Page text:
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Issue 442 -- July 17-23, 2010

Front Page

News Headlines

Is Somaliland One Of Africa's Most Vibrant Democracies?

UK Minister: Somaliland's 'Commitment To Democracy'

Local and Regional Affairs

Africa Oil To Raise Up To C$20 Mln In Private Placement 

Djibouti: AIDS fight targets Ethiopian truckers along the borders 

Outgoing Opposition MPs Sing

Djibouti Sentences Prominent Businessman To 15 Years 

Zuma Appeals For Calm As Fears Of Xenophobic Tensions Rise

Somali Man Who Lied To FBI Being Sentenced Today  


Somaliland Is So Doing Its Part, So Should The International Community

Features & Commentary

Somalis Need To Learn About Peace

Kampala Bombings Cause Somali Blackout
Al-Shabaab's Attack On Uganda: A Lesson For Afghanistan?

International News


Should We Expect a Miracle From Kulmiye Now That The Election Went Its Way?

Gatineau Communiqué

Combat Stress: A living History
What Has Continent Achieved?
Somalia Needs Good Government To Turn Back The Terrorist Tide

Somalis Need To Learn About Peace

Once again, Somalia’s two faces resurfaced in the last few days. These are despair and false hope. Unfortunately, regional leaders offered little. There’s a way out.

Actually, “Cartographic Somalia” is a name befitting the territory. That’s because four administrations exist. They are the Republic of Somaliland, Puntland, the Islamist al-Shabaab, and the Transitional Federal Government. The international community recognizes the wobbly latter.

Mr Sharif Sheik Ahmed, the cartographic nation’s leader, showed the face of despair in Addis Ababa. He told leaders of the Inter-Governmental Authority on Development, IGAD, that a radical strategy is due in order to end Somalia’s quagmire. IGAD members are Djibouti, Ethiopia, Kenya, Somalia, and Sudan.

Essentially, Mr Ahmed politely rebuked the international community. He might as well have said, “It’s the same old thing, talk.” He should know. He presides over the 15th wobbly administration the talking has produced.

If it weren’t for a 6,133-strong African Union peacekeeping force of Ugandans and Burundians, Al-Shabaab would have long chased the TFG from the few blocks it controls in Mogadishu. Undoubtedly trying to dislodge Al-Shabaab would be another faction, say Ahlu-Sunna-Wal-Jama’a or Hizbul-Islam. The 20-year cycle of competition for power would continue.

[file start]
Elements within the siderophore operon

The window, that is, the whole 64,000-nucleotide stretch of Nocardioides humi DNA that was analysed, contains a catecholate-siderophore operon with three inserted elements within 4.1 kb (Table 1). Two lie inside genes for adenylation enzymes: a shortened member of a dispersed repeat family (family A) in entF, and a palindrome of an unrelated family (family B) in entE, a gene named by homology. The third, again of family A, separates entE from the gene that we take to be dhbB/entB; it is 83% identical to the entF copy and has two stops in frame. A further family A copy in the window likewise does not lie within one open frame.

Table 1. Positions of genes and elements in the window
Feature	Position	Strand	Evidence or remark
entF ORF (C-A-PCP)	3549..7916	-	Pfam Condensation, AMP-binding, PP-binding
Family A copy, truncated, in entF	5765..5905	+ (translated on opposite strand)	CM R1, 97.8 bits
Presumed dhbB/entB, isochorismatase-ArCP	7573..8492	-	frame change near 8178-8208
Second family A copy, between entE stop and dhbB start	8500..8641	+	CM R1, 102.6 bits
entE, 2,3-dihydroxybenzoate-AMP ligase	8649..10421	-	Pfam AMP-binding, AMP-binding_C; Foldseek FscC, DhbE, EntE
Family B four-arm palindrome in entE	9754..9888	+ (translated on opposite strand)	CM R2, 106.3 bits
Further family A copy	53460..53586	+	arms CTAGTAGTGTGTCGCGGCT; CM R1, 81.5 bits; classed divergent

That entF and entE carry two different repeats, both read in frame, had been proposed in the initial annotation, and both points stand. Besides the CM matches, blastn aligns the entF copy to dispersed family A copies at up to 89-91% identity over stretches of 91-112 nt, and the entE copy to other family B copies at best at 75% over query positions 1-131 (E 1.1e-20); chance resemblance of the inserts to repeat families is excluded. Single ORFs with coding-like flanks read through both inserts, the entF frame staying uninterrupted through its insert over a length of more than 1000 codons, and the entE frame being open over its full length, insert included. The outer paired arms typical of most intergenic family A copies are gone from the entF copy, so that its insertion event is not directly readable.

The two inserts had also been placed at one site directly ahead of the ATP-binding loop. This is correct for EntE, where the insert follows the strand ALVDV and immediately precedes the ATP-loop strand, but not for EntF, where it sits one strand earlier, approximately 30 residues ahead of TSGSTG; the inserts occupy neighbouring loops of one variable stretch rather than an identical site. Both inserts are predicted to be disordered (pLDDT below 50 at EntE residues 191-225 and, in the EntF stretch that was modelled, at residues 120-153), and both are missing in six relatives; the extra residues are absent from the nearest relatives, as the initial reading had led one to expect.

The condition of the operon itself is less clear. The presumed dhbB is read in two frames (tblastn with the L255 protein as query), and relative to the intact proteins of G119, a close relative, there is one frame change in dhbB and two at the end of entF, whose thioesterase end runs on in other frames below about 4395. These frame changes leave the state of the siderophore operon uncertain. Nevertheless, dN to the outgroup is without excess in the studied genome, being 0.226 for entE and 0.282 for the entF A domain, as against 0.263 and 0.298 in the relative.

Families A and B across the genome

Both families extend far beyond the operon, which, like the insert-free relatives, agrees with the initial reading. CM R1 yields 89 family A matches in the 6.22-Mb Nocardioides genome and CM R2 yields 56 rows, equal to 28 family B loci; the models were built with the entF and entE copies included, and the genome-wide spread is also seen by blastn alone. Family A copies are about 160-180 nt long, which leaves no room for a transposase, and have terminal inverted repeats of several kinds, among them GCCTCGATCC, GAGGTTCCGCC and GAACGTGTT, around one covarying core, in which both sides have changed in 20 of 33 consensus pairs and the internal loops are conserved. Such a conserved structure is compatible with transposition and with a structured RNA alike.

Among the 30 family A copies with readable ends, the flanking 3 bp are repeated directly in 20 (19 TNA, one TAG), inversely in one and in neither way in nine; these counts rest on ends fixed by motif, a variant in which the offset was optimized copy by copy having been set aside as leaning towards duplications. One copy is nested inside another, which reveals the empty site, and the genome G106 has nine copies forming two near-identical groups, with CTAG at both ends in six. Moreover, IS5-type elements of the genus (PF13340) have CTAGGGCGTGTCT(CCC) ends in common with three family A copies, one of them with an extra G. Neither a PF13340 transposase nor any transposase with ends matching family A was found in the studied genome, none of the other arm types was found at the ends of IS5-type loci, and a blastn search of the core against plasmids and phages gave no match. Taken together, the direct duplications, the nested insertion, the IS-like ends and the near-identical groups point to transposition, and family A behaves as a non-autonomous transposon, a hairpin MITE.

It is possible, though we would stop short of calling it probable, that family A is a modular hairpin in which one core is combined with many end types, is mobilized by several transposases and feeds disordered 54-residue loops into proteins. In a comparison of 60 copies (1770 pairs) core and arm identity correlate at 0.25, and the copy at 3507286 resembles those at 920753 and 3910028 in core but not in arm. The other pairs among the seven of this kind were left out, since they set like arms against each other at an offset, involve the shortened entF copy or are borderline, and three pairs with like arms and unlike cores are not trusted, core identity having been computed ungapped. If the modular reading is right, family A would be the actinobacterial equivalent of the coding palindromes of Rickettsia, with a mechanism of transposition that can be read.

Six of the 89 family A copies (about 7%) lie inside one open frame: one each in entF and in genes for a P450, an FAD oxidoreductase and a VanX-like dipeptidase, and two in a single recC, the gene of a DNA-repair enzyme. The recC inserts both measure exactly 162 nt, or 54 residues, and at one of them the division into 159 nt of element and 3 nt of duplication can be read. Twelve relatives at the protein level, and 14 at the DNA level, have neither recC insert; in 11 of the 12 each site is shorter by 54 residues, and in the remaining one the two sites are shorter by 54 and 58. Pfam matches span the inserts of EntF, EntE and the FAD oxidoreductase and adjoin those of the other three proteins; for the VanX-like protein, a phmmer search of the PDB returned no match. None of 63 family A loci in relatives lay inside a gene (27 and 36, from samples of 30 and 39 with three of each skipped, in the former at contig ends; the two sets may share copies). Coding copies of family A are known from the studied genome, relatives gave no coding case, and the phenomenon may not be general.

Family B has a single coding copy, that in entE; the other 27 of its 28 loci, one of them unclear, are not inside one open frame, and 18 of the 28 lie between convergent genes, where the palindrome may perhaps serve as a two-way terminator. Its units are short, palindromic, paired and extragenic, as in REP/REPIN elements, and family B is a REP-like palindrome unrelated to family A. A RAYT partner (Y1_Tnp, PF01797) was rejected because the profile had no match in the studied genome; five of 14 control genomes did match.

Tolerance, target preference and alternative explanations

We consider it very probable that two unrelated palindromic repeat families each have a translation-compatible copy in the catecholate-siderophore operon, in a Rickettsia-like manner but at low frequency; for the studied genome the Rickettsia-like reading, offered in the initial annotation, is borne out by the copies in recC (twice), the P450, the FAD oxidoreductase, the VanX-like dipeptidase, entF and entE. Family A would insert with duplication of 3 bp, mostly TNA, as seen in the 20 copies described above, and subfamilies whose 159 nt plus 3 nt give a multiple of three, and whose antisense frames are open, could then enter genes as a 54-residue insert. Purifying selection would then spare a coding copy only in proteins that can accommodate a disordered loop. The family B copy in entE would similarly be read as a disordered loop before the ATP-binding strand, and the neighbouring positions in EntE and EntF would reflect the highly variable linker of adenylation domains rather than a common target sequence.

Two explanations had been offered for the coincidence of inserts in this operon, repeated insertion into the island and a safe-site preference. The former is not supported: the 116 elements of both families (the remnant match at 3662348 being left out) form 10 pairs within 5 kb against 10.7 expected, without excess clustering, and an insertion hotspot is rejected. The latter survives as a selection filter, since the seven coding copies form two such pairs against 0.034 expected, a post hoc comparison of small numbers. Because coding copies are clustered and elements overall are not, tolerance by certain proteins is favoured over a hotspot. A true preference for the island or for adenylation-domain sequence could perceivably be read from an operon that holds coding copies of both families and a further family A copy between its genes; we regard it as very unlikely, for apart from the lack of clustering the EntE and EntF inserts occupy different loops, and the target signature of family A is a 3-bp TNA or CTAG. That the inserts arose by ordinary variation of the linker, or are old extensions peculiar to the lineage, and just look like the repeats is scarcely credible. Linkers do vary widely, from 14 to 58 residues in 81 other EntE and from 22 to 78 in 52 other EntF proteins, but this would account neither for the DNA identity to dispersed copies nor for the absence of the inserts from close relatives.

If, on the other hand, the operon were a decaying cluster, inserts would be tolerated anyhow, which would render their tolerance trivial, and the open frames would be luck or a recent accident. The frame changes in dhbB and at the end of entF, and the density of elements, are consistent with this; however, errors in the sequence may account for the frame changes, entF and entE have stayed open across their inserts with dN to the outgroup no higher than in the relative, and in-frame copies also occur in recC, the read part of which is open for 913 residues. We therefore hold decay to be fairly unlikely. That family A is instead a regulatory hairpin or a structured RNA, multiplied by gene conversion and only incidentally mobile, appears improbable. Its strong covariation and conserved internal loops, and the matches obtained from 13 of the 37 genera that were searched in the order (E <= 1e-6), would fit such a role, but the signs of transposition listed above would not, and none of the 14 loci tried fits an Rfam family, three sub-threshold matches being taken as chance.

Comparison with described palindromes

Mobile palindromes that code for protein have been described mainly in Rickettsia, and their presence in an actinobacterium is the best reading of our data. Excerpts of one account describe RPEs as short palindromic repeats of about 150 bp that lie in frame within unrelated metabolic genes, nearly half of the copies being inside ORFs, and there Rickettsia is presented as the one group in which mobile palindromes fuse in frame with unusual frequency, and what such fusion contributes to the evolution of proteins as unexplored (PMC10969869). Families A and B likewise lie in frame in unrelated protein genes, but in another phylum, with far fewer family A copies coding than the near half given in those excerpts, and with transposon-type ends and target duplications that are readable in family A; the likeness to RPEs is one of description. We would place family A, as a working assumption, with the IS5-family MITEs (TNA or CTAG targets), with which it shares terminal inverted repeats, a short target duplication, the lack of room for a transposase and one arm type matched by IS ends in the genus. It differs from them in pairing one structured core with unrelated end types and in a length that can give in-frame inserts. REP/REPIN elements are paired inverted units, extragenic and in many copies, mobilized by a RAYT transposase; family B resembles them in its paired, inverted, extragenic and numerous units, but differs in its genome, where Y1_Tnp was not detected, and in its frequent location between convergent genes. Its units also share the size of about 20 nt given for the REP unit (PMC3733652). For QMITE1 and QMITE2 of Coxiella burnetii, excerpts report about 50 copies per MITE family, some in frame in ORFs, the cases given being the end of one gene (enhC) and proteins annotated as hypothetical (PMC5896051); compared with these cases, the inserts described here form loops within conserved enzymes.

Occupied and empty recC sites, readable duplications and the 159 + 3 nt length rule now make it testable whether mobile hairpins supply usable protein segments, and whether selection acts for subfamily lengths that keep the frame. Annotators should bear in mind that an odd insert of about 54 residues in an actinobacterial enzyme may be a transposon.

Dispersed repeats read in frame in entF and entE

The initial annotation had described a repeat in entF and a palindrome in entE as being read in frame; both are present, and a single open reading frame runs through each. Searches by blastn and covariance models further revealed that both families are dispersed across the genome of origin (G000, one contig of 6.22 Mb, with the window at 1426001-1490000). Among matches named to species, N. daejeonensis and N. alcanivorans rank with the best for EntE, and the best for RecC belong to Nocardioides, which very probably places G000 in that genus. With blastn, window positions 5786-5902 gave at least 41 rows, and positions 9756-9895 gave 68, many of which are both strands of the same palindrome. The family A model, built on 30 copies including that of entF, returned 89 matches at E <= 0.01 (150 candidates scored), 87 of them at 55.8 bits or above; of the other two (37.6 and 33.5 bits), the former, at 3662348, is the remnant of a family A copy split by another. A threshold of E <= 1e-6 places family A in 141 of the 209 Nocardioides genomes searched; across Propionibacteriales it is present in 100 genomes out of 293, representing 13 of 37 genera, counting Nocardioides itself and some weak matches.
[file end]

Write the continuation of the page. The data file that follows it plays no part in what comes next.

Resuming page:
The IGAD leaders consoled Mr Ahmed with a promise of an additional 2,000 troops—more fighting. They also repeated their call for the United Nations to take over the peacekeeping mission. The UN has no problem with that. However, few nations seem willing to sacrifice their braves for Somalia.

Meanwhile, false hope reigned in Somaliland, which declared itself independent at the outset of Somalia conflict in 1991. An opposition presidential candidate emerged winner in what foreign observers described as free and fair elections. Seemingly, that’s a democratic nation in the making.

Remained upbeat

President Ahmed Mohamed Mahmoud “Sillanyo” remained upbeat. During the campaign, he said international recognition would be a top priority. That’s a non-starter. African leaders, for example, would have none of that. His other goals are fine: fight corruption, reform the judiciary, create, jobs et al. If only he had the money.

Nothing much was happening in Puntland, which declared itself autonomous and, unlike Somaliland, wants a federated Somalia. In Mogadishu, al-Shabaab spewed fire and brimstone.

It denounced the Addis meeting, vowed increased attacks against the TFG and AU troops, and urged Islamists everywhere to attack Burundi and Uganda foreign missions.

In the midst of all this, the UN Secretary General Ban Ki-Moon comforted the Somalis. On the country’s 50th independence anniversary, he praised the Somalis’ courage and reaffirmed UN’s support “to overcome the serious challenges they face and to achieve their dream of living in peace, stability, and prosperity.”

The trouble is the international community does precious little to show Somalis that peace pays. The starting point is for willing nations and the UN to meander through the diplomatic labyrinth and find ways to help Somaliland, Puntland, and Mr Ahmed govern better and deliver services. That, plus military assistance to Mr Ahmed—his foes abhor negotiations—is in the direction of a radical strategy. With a prosperous Somaliland and Puntland and a functioning TFG troublemakers would attract few followers. Prospering people wish no war.


Source: The Nation, Sunday, July 11 2010 at 19:02









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